Hopes and griefs in The Joy Luck Club

The Joy Luck Club by Amy Tan follows the stories of four women who meet after church every week to talk about their adult daughters and play mahjong—a popular Chinese tabletop game. Around the table the women reflect, haltingly and cautiously, on the lives they’ve left behind in China. The novel interweaves 16 vignettes from the perspectives of two mothers and their two daughters into one larger saga that spans two countries, two cultures, and several generations. 

The members of the “Joy Luck Club” center their reflections around the abuse and horror of the mass displacement that resulted from the Cultural Revolution. The women yearn to see their children experience the joys they were robbed of and as each character, both mother and child, seek love and acceptance, the complex tenderness inherent to mother-daughter relationships becomes the heartbeat that thrums throughout the novel.

The Joy Luck Club is also rife with familiar references to elements of Chinese spirituality. From giving children “bad” names to protect them from evil spirits, to naming a mahjong club with the dually auspicious words of “joy” and “luck,” ancient Chinese superstition is persistent throughout the novel. The women of the “Joy Luck Club” double down on traditions promised to bring peace and prosperity to protect their children from the loss and poverty they have experienced. 

Another recurring motif from Chinese mythology that turns up throughout the lives of the women in the “Joy Luck Club” is the power and unpredictability of nature—a force to be both respected and feared. Game points are constantly illustrated using references to bodies of water, turtles, swans, and tigers. Despite the beautiful symbolic language used throughout the novel, Tan’s diction remains simple: a testament to the plain English she and her mother spoke to each other when she was growing up. The whole novel serves as Tan’s love letter to her mother, and each word—chosen for her mother to understand and enjoy—reflects that. 

While the “Joy Luck Club’s” daughters scoff at their mothers’ superstitious paranoias and outdated fables, they themselves fall into the same behavioural patterns—internalizing their stories and finding explanations that do not speak true to their mother’s tales. These are just a few ways that The Joy Luck Club effectively compares the cultures of Chinese, Chinese immigrants, and Chinese Americans. Tan wonderfully and subtly dismantles the prevailing myth that the Asian experience is monolithic. She shows that language, beliefs, assumptions, thought patterns, and traditions differ from generation to generation—but so do the subtler aspects of culture, such as relations to authority, concepts of self, and expectations.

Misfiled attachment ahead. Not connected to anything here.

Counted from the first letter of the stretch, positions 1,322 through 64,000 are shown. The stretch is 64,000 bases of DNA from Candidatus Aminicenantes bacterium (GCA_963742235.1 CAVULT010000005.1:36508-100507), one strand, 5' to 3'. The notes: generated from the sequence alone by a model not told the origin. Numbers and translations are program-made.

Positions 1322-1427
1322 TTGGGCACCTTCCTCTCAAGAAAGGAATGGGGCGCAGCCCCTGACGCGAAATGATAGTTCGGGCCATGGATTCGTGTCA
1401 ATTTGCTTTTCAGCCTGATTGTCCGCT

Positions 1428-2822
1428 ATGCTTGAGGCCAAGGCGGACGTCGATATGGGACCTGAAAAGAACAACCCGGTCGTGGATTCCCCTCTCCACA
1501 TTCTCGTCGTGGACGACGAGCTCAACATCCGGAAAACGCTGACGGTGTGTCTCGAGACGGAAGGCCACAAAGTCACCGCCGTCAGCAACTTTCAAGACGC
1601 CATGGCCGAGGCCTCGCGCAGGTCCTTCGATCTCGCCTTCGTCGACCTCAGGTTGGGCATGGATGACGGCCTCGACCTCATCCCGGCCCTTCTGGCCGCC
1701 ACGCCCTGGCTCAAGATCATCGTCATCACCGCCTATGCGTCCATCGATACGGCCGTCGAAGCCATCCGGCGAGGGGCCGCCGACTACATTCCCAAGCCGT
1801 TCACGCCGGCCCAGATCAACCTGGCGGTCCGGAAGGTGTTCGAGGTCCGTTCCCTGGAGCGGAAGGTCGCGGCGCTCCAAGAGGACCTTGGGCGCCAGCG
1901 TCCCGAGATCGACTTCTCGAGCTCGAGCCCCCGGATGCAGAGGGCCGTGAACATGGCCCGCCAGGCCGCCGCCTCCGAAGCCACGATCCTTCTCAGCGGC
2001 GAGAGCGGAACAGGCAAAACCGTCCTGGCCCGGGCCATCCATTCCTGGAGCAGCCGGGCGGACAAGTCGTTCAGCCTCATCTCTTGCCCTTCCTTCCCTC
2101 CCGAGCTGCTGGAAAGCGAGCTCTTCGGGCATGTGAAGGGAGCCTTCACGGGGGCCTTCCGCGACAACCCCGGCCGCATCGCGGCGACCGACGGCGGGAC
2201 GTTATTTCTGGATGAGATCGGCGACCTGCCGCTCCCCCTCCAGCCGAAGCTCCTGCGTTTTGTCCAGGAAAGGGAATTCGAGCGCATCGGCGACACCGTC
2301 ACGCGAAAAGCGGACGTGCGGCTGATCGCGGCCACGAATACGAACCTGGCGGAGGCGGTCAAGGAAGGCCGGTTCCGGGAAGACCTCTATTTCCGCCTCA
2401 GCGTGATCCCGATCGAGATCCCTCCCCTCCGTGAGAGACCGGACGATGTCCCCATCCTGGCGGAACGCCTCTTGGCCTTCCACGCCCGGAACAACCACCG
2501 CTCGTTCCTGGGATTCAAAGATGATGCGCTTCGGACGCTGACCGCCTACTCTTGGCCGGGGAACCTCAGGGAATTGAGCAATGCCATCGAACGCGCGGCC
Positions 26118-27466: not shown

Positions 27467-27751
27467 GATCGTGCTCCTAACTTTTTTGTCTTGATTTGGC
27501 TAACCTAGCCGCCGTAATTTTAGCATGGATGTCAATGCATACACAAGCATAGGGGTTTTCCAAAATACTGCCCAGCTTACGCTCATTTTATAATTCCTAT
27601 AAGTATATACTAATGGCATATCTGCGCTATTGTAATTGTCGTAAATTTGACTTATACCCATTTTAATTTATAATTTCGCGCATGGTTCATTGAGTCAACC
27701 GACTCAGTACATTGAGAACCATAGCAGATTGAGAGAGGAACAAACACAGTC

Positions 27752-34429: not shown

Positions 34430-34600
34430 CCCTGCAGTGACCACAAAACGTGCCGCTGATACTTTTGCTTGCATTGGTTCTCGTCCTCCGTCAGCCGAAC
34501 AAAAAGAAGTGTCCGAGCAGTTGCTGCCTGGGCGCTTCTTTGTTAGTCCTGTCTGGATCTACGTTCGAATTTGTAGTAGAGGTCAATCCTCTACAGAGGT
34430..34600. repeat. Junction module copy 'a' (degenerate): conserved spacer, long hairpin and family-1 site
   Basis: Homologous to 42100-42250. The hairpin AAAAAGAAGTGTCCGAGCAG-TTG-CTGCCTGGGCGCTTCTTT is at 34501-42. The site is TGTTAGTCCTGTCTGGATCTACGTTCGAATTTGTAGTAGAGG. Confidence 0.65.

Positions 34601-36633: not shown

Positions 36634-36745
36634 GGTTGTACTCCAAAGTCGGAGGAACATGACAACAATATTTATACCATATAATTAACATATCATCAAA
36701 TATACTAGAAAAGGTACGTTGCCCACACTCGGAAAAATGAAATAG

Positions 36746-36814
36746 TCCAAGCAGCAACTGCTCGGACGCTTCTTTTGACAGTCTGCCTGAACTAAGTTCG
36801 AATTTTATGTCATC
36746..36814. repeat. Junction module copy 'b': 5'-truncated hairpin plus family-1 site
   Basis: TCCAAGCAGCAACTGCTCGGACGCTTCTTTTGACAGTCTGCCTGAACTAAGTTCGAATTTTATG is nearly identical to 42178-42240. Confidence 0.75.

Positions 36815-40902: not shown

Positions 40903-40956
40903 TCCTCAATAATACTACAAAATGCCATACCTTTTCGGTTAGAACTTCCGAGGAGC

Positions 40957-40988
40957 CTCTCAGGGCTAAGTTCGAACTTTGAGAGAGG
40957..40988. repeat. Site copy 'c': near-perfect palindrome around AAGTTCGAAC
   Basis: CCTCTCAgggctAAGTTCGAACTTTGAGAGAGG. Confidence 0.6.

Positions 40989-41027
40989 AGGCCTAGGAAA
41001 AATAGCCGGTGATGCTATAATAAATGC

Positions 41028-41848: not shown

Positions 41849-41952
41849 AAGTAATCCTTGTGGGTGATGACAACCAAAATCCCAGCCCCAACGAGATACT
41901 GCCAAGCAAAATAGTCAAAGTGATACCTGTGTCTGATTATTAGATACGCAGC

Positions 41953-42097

It takes a certain type of deftness to write multiple perspectives in a novel, especially perspectives that span multiple generations and cultures. I am not entirely sure that Tan possesses that deftness. At times, I found it difficult to differentiate between the voices of the different characters. The novel jumps from story to story and narrator to narrator, making it more difficult to get immersed in one storyline or character. I believe the book may have worked better if it had been presented as a collection of short stories instead of as a novel. However, the text remains a poignant exploration of universal feelings of love, fear, and cultural expectations through the lenses of Chinese and Chinese American peoples. It rightfully celebrates and highlights a culture by sharing the vivacious stories of its people—stories that are still lived today.

Copy Editor (Volume 50); Associate Arts & Entertainment Editor (Volume 49) — Maja Ting is in her third year at UTM, completing a Specialist degree in Forensic Biology. In her spare time, she reads, visits the ROM repeatedly, waits for public transit, talks and reckons more than is good for her, and refers to herself in the third person.


Your email address will not be published. Required fields are marked *